The friendly relationship between the dictatorial regimes in Iran and Venezuela has long troubled the United States, but the latest expression of this bizarre alliance has implications for Washington’s efforts to isolate Tehran. Iranian President Mahmoud Ahmadinejad is in Caracas this week for another love fest with Venezuela’s Hugo Chavez. The highlight of their exchange was when Chavez referred to a grassy knoll in front of his palace. “That hill will open up and a big atomic bomb will come out,” said Chavez as the two authoritarians laughed about the big joke.

Iran’s nuclear ambitions are no laughing matter for those who fear the Islamist regime being able to put a nuclear umbrella over its terrorist allies Hezbollah and Hamas or being able to threaten Israel with extinction. But the importance of Chavez to Iran is not his ability to provide them with moral support. The only real lever short of the use of force for the West to stop Iran’s nuclear program is an oil embargo. This week’s visit to South America is a reminder that Tehran has allies, including oil producers like Venezuela who may be willing to help them in the event President Obama finds the will to try to enforce a tough sanctions policy.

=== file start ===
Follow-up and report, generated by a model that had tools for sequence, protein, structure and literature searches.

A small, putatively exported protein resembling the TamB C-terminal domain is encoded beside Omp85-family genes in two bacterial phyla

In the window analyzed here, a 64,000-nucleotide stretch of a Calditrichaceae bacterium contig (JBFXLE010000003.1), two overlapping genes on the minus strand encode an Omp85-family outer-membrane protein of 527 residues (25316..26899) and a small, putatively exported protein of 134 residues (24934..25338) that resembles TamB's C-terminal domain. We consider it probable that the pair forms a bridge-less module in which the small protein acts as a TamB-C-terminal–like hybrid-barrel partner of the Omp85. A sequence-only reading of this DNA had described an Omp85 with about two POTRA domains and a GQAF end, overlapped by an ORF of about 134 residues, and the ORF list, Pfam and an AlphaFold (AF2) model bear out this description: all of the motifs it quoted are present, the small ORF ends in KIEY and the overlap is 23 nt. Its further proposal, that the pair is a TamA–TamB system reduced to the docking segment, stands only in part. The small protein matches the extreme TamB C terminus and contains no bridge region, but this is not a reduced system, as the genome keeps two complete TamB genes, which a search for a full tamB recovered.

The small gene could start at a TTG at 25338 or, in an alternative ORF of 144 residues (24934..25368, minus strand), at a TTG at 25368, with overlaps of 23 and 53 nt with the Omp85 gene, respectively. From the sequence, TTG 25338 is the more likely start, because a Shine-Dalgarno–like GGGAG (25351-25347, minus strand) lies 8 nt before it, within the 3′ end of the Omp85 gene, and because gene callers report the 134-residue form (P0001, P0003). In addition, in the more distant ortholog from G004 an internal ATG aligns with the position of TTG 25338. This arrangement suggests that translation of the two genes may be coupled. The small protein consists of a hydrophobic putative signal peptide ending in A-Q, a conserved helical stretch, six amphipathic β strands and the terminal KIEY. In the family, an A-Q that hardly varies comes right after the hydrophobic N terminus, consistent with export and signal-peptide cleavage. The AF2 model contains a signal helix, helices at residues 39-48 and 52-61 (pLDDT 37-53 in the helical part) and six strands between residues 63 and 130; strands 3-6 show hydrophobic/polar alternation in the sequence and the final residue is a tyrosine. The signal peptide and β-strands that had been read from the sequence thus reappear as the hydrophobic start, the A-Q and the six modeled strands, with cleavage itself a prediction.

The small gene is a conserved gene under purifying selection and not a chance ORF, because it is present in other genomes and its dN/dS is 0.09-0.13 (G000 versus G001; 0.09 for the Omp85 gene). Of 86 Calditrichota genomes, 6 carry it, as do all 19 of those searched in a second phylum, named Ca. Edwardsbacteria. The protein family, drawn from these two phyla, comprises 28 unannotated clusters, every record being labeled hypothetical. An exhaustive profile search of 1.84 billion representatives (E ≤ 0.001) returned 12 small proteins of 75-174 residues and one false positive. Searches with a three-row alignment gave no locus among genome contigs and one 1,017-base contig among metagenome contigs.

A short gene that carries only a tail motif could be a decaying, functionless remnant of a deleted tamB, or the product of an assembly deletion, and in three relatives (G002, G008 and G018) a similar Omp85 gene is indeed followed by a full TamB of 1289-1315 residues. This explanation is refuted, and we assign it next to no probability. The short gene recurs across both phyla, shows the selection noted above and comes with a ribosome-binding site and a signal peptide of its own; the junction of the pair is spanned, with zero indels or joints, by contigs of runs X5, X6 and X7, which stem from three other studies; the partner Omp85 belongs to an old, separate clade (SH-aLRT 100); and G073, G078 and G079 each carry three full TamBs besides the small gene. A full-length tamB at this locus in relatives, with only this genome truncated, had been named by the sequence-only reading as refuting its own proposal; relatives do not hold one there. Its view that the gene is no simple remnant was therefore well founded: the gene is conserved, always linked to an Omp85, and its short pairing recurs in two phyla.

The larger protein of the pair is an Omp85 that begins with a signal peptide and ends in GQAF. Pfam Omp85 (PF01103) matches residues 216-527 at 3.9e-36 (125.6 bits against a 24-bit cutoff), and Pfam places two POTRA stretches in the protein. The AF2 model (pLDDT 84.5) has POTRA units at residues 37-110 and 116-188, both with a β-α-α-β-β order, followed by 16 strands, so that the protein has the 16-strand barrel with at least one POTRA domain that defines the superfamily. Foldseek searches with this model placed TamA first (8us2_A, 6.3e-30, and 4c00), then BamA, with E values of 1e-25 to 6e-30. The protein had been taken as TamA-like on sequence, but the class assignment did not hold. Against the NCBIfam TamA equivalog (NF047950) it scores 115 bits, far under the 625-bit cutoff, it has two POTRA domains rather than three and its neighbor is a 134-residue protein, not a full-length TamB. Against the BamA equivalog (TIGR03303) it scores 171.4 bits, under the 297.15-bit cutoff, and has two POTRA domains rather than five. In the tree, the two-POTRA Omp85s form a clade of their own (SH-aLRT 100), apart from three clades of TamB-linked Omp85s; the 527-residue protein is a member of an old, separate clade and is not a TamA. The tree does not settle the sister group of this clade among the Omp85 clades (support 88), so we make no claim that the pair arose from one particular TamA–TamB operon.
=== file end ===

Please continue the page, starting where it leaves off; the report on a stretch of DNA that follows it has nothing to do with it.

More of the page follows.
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The friendly relationship between the dictatorial regimes in Iran and Venezuela has long troubled the United States, but the latest expression of this bizarre alliance has implications for Washington’s efforts to isolate Tehran. Iranian President Mahmoud Ahmadinejad is in Caracas this week for another love fest with Venezuela’s Hugo Chavez. The highlight of their exchange was when Chavez referred to a grassy knoll in front of his palace. “That hill will open up and a big atomic bomb will come out,” said Chavez as the two authoritarians laughed about the big joke.

Iran’s nuclear ambitions are no laughing matter for those who fear the Islamist regime being able to put a nuclear umbrella over its terrorist allies Hezbollah and Hamas or being able to threaten Israel with extinction. But the importance of Chavez to Iran is not his ability to provide them with moral support. The only real lever short of the use of force for the West to stop Iran’s nuclear program is an oil embargo. This week’s visit to South America is a reminder that Tehran has allies, including oil producers like Venezuela who may be willing to help them in the event President Obama finds the will to try to enforce a tough sanctions policy.

Ahmadinejad will also be visiting Cuba, Nicaragua and Ecuador, but Venezuela is the key to Iran’s effort to find friends in the Western Hemisphere. Along with friendly nations like Turkey, Venezuela can help Iran evade Western sanctions and may exercise enough economic muscle to ameliorate the effects of an embargo.